It must be fall (that’s ‘autumn’ to my British-minded friends).
Here’s how I can tell.
The weather here in Edinburgh has changed. Our one day of summer (it’s customary to say that there’s only one day of summer here) has ended and we’re back to the cold, wet, raininess that Auld Reekie is known for.
There were a few days where you could walk down any main street without either:
- Being struck by an individual walking backward, quickly, while looking in a completely different direction, likely gesturing to someone else about how to get somewhere in town, or where the closest Starbucks is located.
- Being handed a flyer for a free one man show or free stand-up comedy routine, neither of which would, in the end, be worth the price of admission.
- Being inundated by a chorus of different sounding ‘musical’ instruments.
- Having to avoid walking too close to some poor idiot in a predator costume, or an alien costume, or pretending to be a statue, or that annoying one where there’s a guy sitting on the ground holding up another guy on a pole. People go nuts with that one. Why? He’s holding a pole that is balanced on the ground and the guy on top is just sitting on a board!!! It’s not that incredible, people!!!
- Finding yourself in someone’s picture; or, more accurately, finding yourself in everyone’s picture of some building pretending to be the ‘birthplace of Harry Potter’ (being hit with a selfie stick is included here).
In fact, for those few days, everything seemed nice and quite and lovely.
That’s changed a bit. The end of the Edinburgh Festival has given way to the start of a new semester. Now, rather than thousands and thousands of tourists, it’s hundreds and hundreds of bright-eyed, nervous-looking new students.
Not only is this evinced by the influx of people you see wearing brightly coloured windbreakers and comfortable walking shoes (likely hiking boots), as they’ve been told to wear in ‘European Cities’ by experts like Rick Steves, but by their parents, loud and heavily accented, holding up the self-check out line at Tesco, buying as much ‘Scotch’ as they can fit in their luggage.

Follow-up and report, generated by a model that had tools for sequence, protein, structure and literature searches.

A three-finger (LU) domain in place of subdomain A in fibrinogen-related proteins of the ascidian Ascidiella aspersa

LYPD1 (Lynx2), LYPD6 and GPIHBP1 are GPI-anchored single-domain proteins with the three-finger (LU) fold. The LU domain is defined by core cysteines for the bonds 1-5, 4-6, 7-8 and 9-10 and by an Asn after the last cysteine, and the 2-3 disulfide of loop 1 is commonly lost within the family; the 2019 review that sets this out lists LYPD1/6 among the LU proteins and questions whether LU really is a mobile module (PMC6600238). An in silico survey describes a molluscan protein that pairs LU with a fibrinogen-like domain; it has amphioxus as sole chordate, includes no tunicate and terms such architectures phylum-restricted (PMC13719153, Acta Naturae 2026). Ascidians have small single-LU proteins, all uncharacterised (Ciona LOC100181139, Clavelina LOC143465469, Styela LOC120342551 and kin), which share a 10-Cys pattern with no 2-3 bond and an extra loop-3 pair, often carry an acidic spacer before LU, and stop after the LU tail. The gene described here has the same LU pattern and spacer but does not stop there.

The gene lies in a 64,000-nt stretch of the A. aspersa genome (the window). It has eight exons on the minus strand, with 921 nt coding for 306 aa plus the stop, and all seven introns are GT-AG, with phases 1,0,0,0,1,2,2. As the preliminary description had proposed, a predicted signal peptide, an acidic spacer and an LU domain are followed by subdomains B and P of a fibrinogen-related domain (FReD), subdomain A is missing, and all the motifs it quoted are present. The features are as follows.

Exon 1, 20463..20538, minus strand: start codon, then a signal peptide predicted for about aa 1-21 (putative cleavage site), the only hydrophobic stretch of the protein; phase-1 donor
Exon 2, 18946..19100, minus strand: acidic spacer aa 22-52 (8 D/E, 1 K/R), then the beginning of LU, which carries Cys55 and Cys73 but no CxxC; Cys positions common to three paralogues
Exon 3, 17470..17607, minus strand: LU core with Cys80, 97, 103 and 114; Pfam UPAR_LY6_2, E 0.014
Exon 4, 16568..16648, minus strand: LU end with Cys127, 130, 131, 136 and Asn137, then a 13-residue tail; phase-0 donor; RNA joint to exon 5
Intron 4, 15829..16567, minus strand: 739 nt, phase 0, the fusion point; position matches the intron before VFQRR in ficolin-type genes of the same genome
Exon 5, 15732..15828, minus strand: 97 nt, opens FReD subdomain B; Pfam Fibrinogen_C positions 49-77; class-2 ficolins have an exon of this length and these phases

As well, it was rather obvious the other day when I had to run over to the Main Library to print off yet another form for our visa extension application. On the way, I passed by a Starbucks, noticing a rather large line. I normally avoid establishments like Starbucks, not because I’m one of them ‘down with capitalism’ types, but mostly cause I don’t fancy gallons of caffeinated sugar water. When I approached the line, I also noticed something rather particular about the clientele: they were mostly young, excited, women. Was there some sort of event? Was it aimed at women in particular?
In fact, and as I soon discovered, the event in question was the first day that Starbucks was serving their famous Pumpkin spice Latte.
Because that’s the stereotype.
For a few years now, the ‘internet’ (the collective term we give to the ever-shifting discourse of the digital highway) has had a love affair with stereotyping the Pumpkin Spice Latte with ‘white girls.’
Here’s some pretty good examples.
This definition from Urban Dictionary:
All these tweets, collected by the good people at Thought Catalog.
There’s also these ‘meme’ images:
These are stereotypes, and stereotypes are interesting things.
Sure, they can tell us a lot about ‘other’ people, about their customs and culture, and about the way they define themselves. In this way, they even represent a type of discourse: language used by individuals that we perceive in a particular way, and thus the language we use to describe those ‘others’ in a way that makes sense for both their context, as well as for our description itself.
Yet, they also tell us a lot about ourselves as well, not just in how we perceive those ‘others,’ but in how we might thus be stereotyping ourselves in the process.
After all, if identity construction is all about projecting an image we want to be seen by others, which is then validated by an external entity (that other person), and vice versa ad nauseam, then aren’t we constantly being stereotyped as we stereotype others.
This is something we should all consider, particularly concerning the type of terminology not only being used in Europe at the moment concerning the difference between a ‘refugee’ and an ‘immigrant,’ but about how we perceive others on a day-to-day basis in our interactions and conversations with other human beings.
These are things you might want to think about, I suppose, the next time a barista calls you forward and hands you that pumpkin spice latte with your name written on the cup.
The cover image I used for this post comes from an instagram account set up to criticise the ‘authenticity’ of people posting images of themselves on the internet, using, of all things, a Barbie doll. It’s really good, and is definitely worth a look: